Designing lessons with dictionaries

I recently sent a letter to teachers who subscribe to my "Miss Thistlebottom? Not!" newsletter. It included a link to a recent blog post on digital dictionaries. In the letter, I asked teachers how they use dictionaries in the classroom, and whether there are activities or exercises they use to help students engage with word books. Several teachers responded: Kevin Lynch wrote to me about how he uses an online dictionary in the classroom:
I use on a smart board so the students can see examples of usage and hear the pronunciation. I always ask them "Guy or girl?" as to the voice we will hear for the pronunciation. We get into some funny conversations resulting from the question. I use it for assigned vocabulary assignments and for words that stump us from a reading.
George Steed sent greetings from Poland, where he teaches English as a Second Language:
I use Merriam-Webster’s Collegiate Dictionary Eleventh Edition at our ESL sessions. When the student questions a word I refer him to the dictionary. I ask him to write the word down and its meaning. At the end of the session I ask for a meaning of those words. Homework often asks for meaning searches for subject words. My shelves are awash with English subject books. I present the different explanations of a subject that they offer. This week it was ‘parts of speech’. Professor Pinker’s list is the latest. Please know that many books in the library are there because you mentioned them.
And finally, Peter van Lint, a retired professor of Dutch Language and Literature in the Netherlands wrote of his bookshelf, (which makes me green with envy). Though he has retired from the classroom, he clearly hasn’t retired from using dictionaries:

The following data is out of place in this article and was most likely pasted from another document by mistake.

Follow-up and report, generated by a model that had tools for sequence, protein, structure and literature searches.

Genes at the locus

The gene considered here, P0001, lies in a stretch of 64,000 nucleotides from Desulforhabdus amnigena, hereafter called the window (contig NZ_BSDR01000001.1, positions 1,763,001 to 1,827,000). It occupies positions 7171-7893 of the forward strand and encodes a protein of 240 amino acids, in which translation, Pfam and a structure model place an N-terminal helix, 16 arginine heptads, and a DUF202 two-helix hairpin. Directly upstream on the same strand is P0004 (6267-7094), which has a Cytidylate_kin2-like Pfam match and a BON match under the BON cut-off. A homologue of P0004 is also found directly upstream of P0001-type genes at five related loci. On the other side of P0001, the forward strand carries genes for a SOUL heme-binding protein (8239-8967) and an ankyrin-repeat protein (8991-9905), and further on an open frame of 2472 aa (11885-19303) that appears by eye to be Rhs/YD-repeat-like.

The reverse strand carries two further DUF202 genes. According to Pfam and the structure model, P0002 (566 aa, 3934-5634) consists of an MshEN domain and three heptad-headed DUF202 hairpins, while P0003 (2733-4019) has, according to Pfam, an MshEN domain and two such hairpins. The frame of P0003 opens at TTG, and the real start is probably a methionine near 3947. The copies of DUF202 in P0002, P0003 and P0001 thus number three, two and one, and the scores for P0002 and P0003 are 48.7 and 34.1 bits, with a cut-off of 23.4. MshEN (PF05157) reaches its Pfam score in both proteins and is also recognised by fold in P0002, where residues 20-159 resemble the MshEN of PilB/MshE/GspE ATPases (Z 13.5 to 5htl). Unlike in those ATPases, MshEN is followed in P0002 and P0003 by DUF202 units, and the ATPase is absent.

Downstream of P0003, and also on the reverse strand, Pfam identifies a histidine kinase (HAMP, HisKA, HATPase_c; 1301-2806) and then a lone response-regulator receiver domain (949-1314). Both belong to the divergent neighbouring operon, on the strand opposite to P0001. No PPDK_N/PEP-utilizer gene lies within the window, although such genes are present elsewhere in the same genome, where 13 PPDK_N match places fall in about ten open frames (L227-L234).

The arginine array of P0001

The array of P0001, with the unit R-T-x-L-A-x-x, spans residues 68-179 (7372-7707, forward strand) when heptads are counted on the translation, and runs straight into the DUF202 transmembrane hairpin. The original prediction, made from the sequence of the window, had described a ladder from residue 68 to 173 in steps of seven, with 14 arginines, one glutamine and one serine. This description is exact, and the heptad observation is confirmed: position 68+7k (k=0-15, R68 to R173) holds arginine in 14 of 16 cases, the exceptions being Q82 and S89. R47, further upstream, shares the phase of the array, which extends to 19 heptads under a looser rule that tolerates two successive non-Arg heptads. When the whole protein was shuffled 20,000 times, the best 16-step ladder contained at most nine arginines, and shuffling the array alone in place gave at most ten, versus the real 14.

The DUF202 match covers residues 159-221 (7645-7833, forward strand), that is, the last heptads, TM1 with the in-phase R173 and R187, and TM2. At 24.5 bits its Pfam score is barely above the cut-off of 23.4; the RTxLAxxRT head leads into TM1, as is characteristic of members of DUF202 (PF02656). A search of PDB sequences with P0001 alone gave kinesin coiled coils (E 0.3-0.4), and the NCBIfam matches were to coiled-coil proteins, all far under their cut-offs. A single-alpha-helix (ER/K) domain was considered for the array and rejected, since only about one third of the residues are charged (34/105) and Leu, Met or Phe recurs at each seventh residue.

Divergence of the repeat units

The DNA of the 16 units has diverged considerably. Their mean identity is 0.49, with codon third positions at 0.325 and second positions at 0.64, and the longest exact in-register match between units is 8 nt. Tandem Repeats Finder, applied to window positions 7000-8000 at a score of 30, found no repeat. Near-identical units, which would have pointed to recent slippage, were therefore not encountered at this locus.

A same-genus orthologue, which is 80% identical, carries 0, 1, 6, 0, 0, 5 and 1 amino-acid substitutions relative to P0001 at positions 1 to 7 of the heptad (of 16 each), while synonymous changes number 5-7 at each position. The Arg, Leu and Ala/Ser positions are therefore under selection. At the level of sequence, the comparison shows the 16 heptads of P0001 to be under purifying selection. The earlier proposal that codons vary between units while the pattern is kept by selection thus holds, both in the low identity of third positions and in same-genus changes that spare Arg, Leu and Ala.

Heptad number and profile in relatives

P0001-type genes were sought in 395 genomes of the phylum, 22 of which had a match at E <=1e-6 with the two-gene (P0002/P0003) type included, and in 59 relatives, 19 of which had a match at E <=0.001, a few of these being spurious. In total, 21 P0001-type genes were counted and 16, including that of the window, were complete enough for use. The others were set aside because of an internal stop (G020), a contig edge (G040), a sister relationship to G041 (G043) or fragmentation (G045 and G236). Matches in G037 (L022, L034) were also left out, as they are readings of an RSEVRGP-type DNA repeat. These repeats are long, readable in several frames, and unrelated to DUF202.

I understand you have a weakness for dictionaries, I share that weakness. I own several shelves with dictionaries. Of course there is the heavy Van Dale Dutch in four tomes, or Koenen Dutch-English and English-Dutch. But also the French-Dutch (and D-F), German-Dutch (and D-G), the 1,250-page van Dale Spanish-Dutch and its heavy sister Portuguese-Dutch. The Dutch-Persian and Persian-Dutch [weighs in at] about 2000 pages, as does heavy counterpart of Arabic-Dutch and Dutch-Arabic. [And there are] the dictionaries of Latin and ancient Greek, not to mention the Larousse Dictionnaire de la langue Française, or the 1,215-page Diccionario Escolar de la Real Academia Española. Oh, and I almost forget the as-heavy Steingas’: a learner’s Arabic-English. And then there are quite a few smaller dictionaries of other languages, like Romanian, Welsh and Hungarian, which I seldom use. I also like specific dictionaries like [those that give] Dutch, English, French or Spanish etymology, or those for subjects like dialects or slang, religion, astrology, rhyme, and more. As to your question about the choice between digital or paper, for me it depends on the degree of pressure. If it must be done in a hurry, I confess with shame I rely on digital answers, but when I write or study without pressure, then I use the paper ones, and compare different versions. But often I check the digital answer with the ones on paper, may I say in my defense. I also prefer to look into paper Encyclopedias, rather than in Wikipedia, which in the opinion of my sons and daughter just proves I’m old fashioned. That’s probably true.

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